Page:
Your time back at home not going how you expected?
We make jokes here and there about the struggles of moving back home after spending a year at university living independently, but for some people, this can be a serious struggle.
It might be that you've gone back to a 'home' that has changed a lot in the year that you've been away or you're just used to your uni life (understandably) and don't feel like you fit in anymore...
There could be a number of things affecting you and your wellbeing:
- your home life isn't positive
- you're missing your friends or boy/girlfriend from university
- you have to go back to working and paying bills
- your friends and family don't really 'get' your new life
- a lot has changed in the last year (even if you've been home now and again)
You're not alone
What's important to remember is that you can't let others impact your experience or how you're feeling. You're going to be home for at least a couple of months, so you need to try to make this period as positive as possible.
It can be made even more difficult to deal with if you feel like everyone is loving life back at home, but be assured that isn't true. Students all over the country, maybe even your friends, are feeling this way because it's such a big change and takes a lot of getting used to.
When you first moved to university, it might have taken you only 2 or 3 weeks to miss home and it might only take a couple of days to realise why you left. Keep reminding yourself that it's not permanent and that you need to make the most of the situation whilst you can - before you know it, you'll be back at uni and will have LOTS of things to keep you busy.
Yes, you may be away from your university support system but there are lots of things you can do to feel happier about being back at home. They could seriously improve your wellbeing and make these next couple of months easier to deal with:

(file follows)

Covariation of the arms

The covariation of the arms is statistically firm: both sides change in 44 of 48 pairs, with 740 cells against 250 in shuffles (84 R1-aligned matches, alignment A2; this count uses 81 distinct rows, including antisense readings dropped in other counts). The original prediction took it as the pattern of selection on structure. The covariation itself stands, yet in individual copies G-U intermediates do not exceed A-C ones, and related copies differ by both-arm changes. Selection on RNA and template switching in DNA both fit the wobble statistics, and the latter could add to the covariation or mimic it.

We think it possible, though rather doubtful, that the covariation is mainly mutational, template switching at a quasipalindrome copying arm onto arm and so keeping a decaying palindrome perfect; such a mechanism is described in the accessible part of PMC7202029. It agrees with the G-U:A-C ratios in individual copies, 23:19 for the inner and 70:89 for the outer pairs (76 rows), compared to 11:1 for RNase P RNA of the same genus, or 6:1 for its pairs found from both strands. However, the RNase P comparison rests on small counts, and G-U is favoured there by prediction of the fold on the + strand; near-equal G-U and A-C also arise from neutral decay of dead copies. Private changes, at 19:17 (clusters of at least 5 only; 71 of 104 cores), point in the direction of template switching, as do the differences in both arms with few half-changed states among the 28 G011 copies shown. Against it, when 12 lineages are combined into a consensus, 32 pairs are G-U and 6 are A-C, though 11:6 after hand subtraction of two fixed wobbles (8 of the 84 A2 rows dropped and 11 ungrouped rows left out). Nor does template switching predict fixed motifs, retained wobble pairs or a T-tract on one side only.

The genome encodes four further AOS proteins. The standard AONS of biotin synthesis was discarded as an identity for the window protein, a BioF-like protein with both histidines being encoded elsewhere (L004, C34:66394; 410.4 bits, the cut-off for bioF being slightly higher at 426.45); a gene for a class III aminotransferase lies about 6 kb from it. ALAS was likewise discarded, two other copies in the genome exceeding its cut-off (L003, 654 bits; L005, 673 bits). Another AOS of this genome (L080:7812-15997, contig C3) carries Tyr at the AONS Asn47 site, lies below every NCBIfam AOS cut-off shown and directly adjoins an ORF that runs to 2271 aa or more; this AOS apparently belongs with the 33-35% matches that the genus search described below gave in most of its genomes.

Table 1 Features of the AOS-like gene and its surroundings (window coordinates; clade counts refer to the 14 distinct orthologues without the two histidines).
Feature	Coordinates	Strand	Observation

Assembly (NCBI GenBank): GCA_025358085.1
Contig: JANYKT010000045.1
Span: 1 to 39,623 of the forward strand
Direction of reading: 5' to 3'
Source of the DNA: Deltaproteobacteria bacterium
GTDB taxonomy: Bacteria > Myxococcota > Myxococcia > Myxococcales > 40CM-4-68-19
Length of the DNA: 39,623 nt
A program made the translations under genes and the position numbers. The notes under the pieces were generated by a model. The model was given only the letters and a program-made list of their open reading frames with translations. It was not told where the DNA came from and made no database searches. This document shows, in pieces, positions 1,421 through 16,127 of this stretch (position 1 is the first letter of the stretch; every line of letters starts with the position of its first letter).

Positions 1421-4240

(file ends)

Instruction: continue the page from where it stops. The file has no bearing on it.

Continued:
1. Fill your calendar the best you can
Get out of the house and do things with the people who are at home (parents, siblings, relatives, friends) if you can. By planning your time at home in as much advance as you can, you'll feel much better about it and it constantly gives you something to look forward to - it could be as small as having a Netflix day or nipping to the dentist for a checkup.
You don't want to just shut yourself off to anyone who isn't in your hometown; instead, speak to your uni friends as much as you can. Even the odd text or FaceTime call every now and again will pick you up and prevent you from feeling isolated. Maybe make some plans to meet up if you all have time.
3. Don't give in to negative feelings and emotions
When you don't feel like opening the curtains and just want to stay in bed all day, don't give in to this feeling. Instead, get up, have a shower and make the most of the day ahead of you. Life always challenges you and there will be times when you just don't feel up to doing anything BUT take control of the situation and do something positive.
Practicing self-care is essential. Treat yourself to a haircut, do a home workout, run yourself a bath, cook your favourite meal, anything that will bring you out of your unhappy state of mind. This is so much more important than you may even realise and so easy to do!
5. Speak to people about it
Your family (hopefully) won't bite your head off for just sharing with them how you're feeling. It's understandable that this isn't what you expected but by keeping those feelings bottled up, you're going to become unhappier and continue to have negative feelings about being at home. By speaking about it, it might change your experience slightly.
What's important to remember is that you're not alone. Try not to worry too much about what people are posting or saying on social media either because you don't know how genuine that is and everyone is different.